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Clark v. Goldman


December 22, 1941


Appeal from the District Court of the United States for the Southern District of New York.

Author: Hand

Before L. HAND, CLARK, and FRANK, Circuit Judges.

L. HAND, Circuit Judge.

The plaintiff's attorneys in two representative creditors' actions appeal from a joint order made in both actions denying them any additional allowance for their services. The actions were begun on August 18, 1933, at the suggestion and request of the New York Superintendent of Insurance; the defendants consented to judgment and receivers were appointed on the same day and qualified at once. They resigned during the long course of the litigation and others were substituted; all have been either assistants of the Superintendent, or have acted in harmony with him. The defendants were corporations, wholly-owned subsidiaries of the New York Title and Mortgage Company, which used them as dummies in realizing upon its assets - mortgages on real estates. When any mortgages were foreclosed, the property was taken over in the name of one of the defendants which held it in trust for those individuals to whom the New York Title and Mortgage Company had either assigned the mortgages, or had issued "participation certificates" in them. the parent company became unable to fulfill its obligations and went into a "rehabilitation," as it was called, in the state court of which the Superintendent of Insurance had charge. Believing it to be in the interest of all to liquidate the subsidiaries in representative creditors' actions in a federal court, he procured the institution of the actions at bar. The liquidation of the properties took nearly eight years, but was finally accomplished by the acceptance of "plans" by the District Court under which the secured creditors took over all the properties at a bid price, agreeing to pay in addition all expenses of administration including allowances to attorneys. The attorneys for the plaintiff - the claimants here - who had received $11,500 as interim allowances, made a single application in both actions for a further allowance which the judge denied. This appeal is from that order.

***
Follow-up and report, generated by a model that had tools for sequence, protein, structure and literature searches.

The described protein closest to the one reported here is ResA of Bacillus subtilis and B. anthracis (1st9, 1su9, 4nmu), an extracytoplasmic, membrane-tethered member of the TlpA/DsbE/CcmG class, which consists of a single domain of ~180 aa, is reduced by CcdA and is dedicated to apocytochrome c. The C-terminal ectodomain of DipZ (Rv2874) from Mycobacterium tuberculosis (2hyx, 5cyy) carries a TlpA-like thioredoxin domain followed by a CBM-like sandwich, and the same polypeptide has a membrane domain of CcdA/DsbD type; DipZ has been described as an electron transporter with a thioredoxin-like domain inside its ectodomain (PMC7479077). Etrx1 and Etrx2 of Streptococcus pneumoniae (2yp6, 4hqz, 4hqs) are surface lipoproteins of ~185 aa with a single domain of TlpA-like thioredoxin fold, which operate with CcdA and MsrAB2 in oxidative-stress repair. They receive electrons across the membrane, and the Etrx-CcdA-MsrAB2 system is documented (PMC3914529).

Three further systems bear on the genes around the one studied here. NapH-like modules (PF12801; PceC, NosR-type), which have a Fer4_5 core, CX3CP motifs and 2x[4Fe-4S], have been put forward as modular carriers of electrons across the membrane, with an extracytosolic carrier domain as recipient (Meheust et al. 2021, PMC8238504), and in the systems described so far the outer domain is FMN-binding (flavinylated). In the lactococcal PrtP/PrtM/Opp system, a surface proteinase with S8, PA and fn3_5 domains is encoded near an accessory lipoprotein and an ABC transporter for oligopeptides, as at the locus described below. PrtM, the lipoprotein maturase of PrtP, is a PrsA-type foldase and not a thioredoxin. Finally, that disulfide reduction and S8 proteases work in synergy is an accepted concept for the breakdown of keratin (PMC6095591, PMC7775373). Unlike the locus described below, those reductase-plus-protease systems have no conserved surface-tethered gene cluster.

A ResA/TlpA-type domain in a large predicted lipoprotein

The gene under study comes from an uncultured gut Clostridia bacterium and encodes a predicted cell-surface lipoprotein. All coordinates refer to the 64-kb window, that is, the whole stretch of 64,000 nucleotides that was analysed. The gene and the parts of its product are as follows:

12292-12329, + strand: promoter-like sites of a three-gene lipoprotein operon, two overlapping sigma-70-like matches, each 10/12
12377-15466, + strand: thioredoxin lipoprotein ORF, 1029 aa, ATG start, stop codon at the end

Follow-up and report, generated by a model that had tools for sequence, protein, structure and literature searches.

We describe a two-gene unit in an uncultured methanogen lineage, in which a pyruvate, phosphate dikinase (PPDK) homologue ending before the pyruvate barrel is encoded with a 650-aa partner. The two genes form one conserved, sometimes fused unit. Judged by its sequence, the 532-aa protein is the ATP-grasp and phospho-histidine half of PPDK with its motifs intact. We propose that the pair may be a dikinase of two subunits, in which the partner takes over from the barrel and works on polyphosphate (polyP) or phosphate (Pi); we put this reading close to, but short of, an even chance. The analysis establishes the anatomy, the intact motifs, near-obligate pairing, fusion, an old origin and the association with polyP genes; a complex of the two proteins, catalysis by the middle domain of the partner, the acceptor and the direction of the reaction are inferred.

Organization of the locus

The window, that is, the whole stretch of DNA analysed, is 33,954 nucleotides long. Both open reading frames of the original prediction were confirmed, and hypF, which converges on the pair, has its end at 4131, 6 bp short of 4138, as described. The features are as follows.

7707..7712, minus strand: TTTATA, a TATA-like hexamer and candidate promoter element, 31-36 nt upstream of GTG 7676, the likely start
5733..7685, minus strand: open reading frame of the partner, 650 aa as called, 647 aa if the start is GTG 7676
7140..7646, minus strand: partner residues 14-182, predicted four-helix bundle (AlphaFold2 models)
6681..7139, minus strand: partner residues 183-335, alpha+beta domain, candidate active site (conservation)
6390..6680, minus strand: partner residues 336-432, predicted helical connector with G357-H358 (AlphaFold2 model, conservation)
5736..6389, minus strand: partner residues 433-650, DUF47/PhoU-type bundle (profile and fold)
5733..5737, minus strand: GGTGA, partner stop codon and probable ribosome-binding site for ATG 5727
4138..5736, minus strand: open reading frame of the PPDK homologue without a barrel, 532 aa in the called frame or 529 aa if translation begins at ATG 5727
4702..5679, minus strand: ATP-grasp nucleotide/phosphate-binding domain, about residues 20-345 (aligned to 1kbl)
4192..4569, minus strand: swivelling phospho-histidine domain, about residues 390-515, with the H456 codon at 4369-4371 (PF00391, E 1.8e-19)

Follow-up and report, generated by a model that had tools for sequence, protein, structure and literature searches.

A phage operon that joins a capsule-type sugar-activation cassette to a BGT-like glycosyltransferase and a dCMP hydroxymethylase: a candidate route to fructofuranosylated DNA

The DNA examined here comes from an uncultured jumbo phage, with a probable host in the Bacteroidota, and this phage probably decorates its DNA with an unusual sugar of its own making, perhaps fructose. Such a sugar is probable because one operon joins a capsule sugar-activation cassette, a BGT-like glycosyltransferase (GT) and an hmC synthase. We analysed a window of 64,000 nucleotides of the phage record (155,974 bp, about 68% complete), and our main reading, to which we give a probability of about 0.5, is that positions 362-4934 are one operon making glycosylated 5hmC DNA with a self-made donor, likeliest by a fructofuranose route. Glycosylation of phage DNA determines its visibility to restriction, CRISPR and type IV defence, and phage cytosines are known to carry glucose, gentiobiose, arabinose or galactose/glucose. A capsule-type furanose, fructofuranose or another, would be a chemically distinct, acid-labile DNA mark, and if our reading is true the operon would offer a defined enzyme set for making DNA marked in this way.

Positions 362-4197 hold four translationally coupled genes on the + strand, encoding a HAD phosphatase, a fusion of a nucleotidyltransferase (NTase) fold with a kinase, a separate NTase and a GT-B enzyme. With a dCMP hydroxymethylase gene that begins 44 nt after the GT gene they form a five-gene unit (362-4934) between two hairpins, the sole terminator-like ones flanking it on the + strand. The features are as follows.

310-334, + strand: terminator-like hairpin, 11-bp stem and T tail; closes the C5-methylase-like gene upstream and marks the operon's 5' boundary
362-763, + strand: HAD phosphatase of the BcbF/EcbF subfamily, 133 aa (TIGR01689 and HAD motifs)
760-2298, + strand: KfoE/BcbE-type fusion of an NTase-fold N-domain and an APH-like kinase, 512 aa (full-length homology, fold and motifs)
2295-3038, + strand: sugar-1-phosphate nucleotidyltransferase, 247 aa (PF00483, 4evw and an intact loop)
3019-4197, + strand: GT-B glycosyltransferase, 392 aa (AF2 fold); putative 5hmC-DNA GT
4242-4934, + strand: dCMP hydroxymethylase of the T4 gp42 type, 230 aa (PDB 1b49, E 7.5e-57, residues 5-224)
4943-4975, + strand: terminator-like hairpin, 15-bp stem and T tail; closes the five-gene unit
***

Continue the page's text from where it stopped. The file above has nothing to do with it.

There were two groups of creditors of the defendants - secured and unsecured - of which the first were by far the more numerous; against the defendant, Liberdar company, secured claims were proved of about $3,400,000, and unsecured, of about $47,000; against the defendant, Land Estates, Inc., secured claims were proved of about $2,500,000, and the unsecured, of about $21,000. The security for the secured claims in the case of Liberdar was appraised at about $2,800,000, and in the case of Land Estates, Inc. at about $2,330,000.The claimants busied themselves about many things during the course of the receivership, and the appeal turns upon which, if any, of their services they may be paid for. The liquidation of the estate involved a multitude of details; among other matters the liens upon the real estate owned by the defendants were being constantly foreclosed; and the disposition of these and other controversies required a great deal of negotiation and supervision. The claimants regarded themselves as charged with a duty to supplement the work of the receivers, and in general to oversee the progress of the actions; and a large part of the services for which they claim were of this kind. They also appear to have concerned themselves with the changes in receivers, at each of which the retiring receiver presented his accounts to be passed by the court; but their chief claim is for services rendered in a litigation which they pressed through the District Court and this court to determine the distribution of the unincumbered assets. On behalf of the unsecured creditors they unsuccessfully attempted to secure a ruling that the secured creditiors must credit upon their claims against those assets the appraised value of their security, instead of proving for the full amount of the claim. Prudential Insurance Co. v. Land Estates, Inc., 2 Cir., 110 F.2d 617. No committee of creditors was formed until 1938 - near to the end of the liquidation period - and then only for the secured creditors. Thus the unsecured creditors never had any representatives at any time except as the plaintiff and the claimants were such. They say that, in spite of their failure to reduce the secured claims by the value of the security, the result of the litigation was to increase the amount of the secured creditors' bid, and raise the dividend of the unsecured creditors by nine per cent. This is nowhere denied, and while it appears to involve only about $6,000, upon this record the unsecured creditors do appear to have benefited by their efforts to that extent.